The following reflection comes from Cynthia Lugo ’20, who was struck by the work of Tamuna Sirbiladze whose work is currently on exhibition at the Saatchi Gallery in London. Before reading Cynthia’s reflection, we’ve decided to provide a little bit more context of Sirbiladze’s work by including the gallery’s description as stated in the exhibition guide:
“Tamuna Sirbiladze’s canvases convey an intimate, unavoidable physicality. She paints romanticized images of faceless naked women, bleeding, defecating and vomiting, a kind of scrapbook of acts that are not particularly taboo but are not the most obvious subjects for an artist to focus on. There is a raw frankness to her characters that goes beyond their crude, puerile figuration; they at once conflate the imagery of pornography and primeval ritual within scenes that hint at the diaristic and a wide range of emotional states[…]The exact meaning of these unflinching works is left open and made even more ambiguous by their poetic titles.”
“Woah…” I stood in front of a big painting at the Saatchi Gallery, speechless and shocked at the rawness and crudity of the image. A naked woman bent over a sink throwing up. All around the room were similar paintings: naked women being burnt to a crisp at the beach, defecating, bleeding… I shuddered again and walked to the next room after drawing a quick sketch of the vomiting woman.
Again, I was fascinated by the messages behind every work of art in the next exhibit, which was about self-identity and controlling emotions. I shook my head and smiled to myself, realizing how fortunate I am to have seen so many beautiful works of art at four galleries and counting and all for (how awesome!) free.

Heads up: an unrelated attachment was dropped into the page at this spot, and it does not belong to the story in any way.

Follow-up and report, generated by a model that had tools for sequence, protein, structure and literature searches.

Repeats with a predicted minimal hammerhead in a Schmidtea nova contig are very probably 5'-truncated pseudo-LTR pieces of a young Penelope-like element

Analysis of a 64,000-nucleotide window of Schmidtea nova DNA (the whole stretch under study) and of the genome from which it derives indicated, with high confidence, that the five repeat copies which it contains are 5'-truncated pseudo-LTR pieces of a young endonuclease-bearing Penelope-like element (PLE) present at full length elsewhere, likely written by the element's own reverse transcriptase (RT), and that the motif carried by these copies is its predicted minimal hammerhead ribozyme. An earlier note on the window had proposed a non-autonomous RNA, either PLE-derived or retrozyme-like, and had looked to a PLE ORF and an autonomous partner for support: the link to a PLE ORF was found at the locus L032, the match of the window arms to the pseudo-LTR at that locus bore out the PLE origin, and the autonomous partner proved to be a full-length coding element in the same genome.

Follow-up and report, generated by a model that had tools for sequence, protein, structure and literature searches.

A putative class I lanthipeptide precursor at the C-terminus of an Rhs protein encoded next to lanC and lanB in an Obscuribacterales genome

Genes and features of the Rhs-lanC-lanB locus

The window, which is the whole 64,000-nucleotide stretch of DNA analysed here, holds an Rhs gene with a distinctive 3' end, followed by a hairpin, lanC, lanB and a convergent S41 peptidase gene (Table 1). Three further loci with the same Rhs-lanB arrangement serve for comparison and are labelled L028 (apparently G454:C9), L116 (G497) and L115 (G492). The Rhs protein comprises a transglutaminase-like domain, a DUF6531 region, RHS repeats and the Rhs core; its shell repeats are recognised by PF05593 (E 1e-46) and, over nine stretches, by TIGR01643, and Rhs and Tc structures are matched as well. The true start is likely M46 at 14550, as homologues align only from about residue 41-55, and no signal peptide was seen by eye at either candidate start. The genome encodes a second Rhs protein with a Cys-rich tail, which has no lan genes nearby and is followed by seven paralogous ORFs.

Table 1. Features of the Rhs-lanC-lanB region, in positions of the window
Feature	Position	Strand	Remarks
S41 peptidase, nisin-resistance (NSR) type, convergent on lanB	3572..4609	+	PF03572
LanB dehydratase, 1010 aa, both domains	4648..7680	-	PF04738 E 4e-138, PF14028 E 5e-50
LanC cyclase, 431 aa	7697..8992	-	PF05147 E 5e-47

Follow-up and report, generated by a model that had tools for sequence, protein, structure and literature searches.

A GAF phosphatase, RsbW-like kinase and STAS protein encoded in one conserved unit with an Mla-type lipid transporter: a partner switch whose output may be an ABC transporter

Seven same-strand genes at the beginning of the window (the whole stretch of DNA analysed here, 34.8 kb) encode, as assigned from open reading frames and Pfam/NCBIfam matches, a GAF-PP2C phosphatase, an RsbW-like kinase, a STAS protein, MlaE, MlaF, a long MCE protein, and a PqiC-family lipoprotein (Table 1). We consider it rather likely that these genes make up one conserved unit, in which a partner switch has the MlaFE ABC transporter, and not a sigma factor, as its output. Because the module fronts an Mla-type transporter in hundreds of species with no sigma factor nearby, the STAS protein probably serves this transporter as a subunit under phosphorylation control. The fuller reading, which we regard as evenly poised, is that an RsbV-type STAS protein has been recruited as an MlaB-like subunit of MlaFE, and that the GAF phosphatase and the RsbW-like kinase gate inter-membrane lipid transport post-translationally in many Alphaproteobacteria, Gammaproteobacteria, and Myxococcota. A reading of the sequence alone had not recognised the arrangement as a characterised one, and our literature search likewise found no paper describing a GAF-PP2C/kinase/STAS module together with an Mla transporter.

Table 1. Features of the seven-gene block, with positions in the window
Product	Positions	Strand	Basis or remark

After about another half hour, we left the gallery. Next stop: the Chelsea Physic Garden. After a few rides on the underground tubes and double-decker buses, we walked into the garden. It was absolutely beautiful! The place was saturated with so many bright colorful flowers and rich shades of green from all different kinds of plants.
My first thought was “Oh this spot right here is perfect for water coloring!” After a whole week of nonstop drawing and painting, all I could think about was sketching everything I saw. And that’s exactly what we all did.
I sat down underneath the shade of a huge tree and painted four different flowers. I looked up to see my fellow trip mates doing the same all around the garden. It felt so peaceful and calming. At that moment there was no place I’d rather be.
After lunch, we took a three hour art class where we learned how to draw… drum roll, please!… naked people. When our model first took off his shorts and shirt, I jumped back in surprise. He started tugging at his black underwear, and I quickly rushed to cover my eyes. Please, don’t do it!!!! I’m not ready!!!! After a few seconds of fright, I peeked through my fingers and relaxed. Phew! I sighed, relieved to see his boxers were not going anywhere. As the class went on, I was amazed at how quickly all of us were learning and how quickly we were all building more confidence. We did all sorts of activities and learned so many skills from our teacher, Josie. The class was filled with lots of laughter, and although we were off to a slow start, by the end none of us wanted to leave the classroom.
We walked over to a church and went inside. Here we set up our individual exhibitions. Each person had three to five photos of the art we have done on this trip so far. After everyone was done setting up, we took a gallery walk around in silence, writing compliments for each person on post-it notes and sticking them up next to their art. Afterwards, we all presented our art to the group one by one.
Listening to my friends talk about their work and seeing everything they have done made me so happy. All of us were so talented in different areas, improving in other areas, and helping one another along the way. We were experimenting with new mediums and discovering who we are as artists.
Once the day was over, I lay in bed thinking about everything that had happened on this trip. Everyday has been filled with learning and improvement, and just as much with fun, laughter, and smiles. We were all doing what we loved most. What else can we ask for?